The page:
According to FWC, Florida boating accidents saw a significant increase in 2017

by

comment
PHOTO VIA MYFWC / FACEBOOK
  • Photo Via MyFWC / Facebook
Boating accidents in Florida increased by 7 percent in 2017, according to officials.

In a recent report from the Florida Fish and Wildlife Conservation Commission, there were 714 reportable accidents from 2016 compared to 766 in 2017. There was also a rise in the number of registered boating vessels in Florida, which increased from over 930,000 in 2016 to over 944,000 in 2017.



Of last year's accidents, 67 were fatal. Although the number of accidents has increased, the number of deaths remained constant since 2003.

Florida leads the number of boating accidents and boating deaths in the country. In 2016, Florida had almost 300 more accidents than California, the second-leading state with 384 total.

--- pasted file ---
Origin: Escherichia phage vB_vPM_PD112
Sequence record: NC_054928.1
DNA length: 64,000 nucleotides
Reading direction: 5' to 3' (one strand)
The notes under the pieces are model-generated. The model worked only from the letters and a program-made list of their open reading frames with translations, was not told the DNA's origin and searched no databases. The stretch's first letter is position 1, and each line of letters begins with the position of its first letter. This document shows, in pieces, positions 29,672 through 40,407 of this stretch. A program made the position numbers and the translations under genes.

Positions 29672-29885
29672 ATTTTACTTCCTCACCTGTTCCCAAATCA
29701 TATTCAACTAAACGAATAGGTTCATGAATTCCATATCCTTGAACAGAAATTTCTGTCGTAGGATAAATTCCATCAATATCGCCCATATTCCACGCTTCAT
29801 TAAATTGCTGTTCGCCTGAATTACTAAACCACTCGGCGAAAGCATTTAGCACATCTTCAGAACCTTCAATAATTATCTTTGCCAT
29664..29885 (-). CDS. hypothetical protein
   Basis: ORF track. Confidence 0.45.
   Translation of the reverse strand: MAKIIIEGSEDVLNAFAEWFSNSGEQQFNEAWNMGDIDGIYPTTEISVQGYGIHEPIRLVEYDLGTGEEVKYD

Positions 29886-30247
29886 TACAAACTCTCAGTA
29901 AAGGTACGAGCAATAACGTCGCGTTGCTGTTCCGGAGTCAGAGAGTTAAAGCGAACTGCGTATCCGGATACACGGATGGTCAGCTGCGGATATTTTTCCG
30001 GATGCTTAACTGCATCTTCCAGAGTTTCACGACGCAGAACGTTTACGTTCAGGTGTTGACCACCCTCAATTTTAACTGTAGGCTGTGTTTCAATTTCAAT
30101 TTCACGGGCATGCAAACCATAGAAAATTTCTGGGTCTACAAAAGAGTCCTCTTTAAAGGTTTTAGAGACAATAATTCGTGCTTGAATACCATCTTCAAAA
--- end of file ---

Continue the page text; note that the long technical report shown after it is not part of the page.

The leading cause of boating accidents in 2017 was the operators' inattention and lack of lookout, which came to 24 percent. The leading type of fatal accidents was drowning by falls overboard.

Stay on top of Orlando news and views. Sign up for our weekly Headlines newsletter.

We welcome readers to submit letters regarding articles and content in Orlando Weekly. Letters should be a minimum of 150 words, refer to content that has appeared on Orlando Weekly, and must include the writer's full name, address, and phone number for verification purposes. No attachments will be considered. Writers of letters selected for publication will be notified via email. Letters may be edited and shortened for space.

Email us at feedback@orlandoweekly.com.

Orlando Weekly works for you, and your support is essential.

Our small but mighty local team works tirelessly to bring you high-quality, uncensored news and cultural coverage of Central Florida.

Unlike many newspapers, ours is free – and we'd like to keep it that way, because we believe, now more than ever, everyone deserves access to accurate, independent coverage of their community.

Whether it's a one-time acknowledgement of this article or an ongoing pledge, your support helps keep Orlando’s true free press free.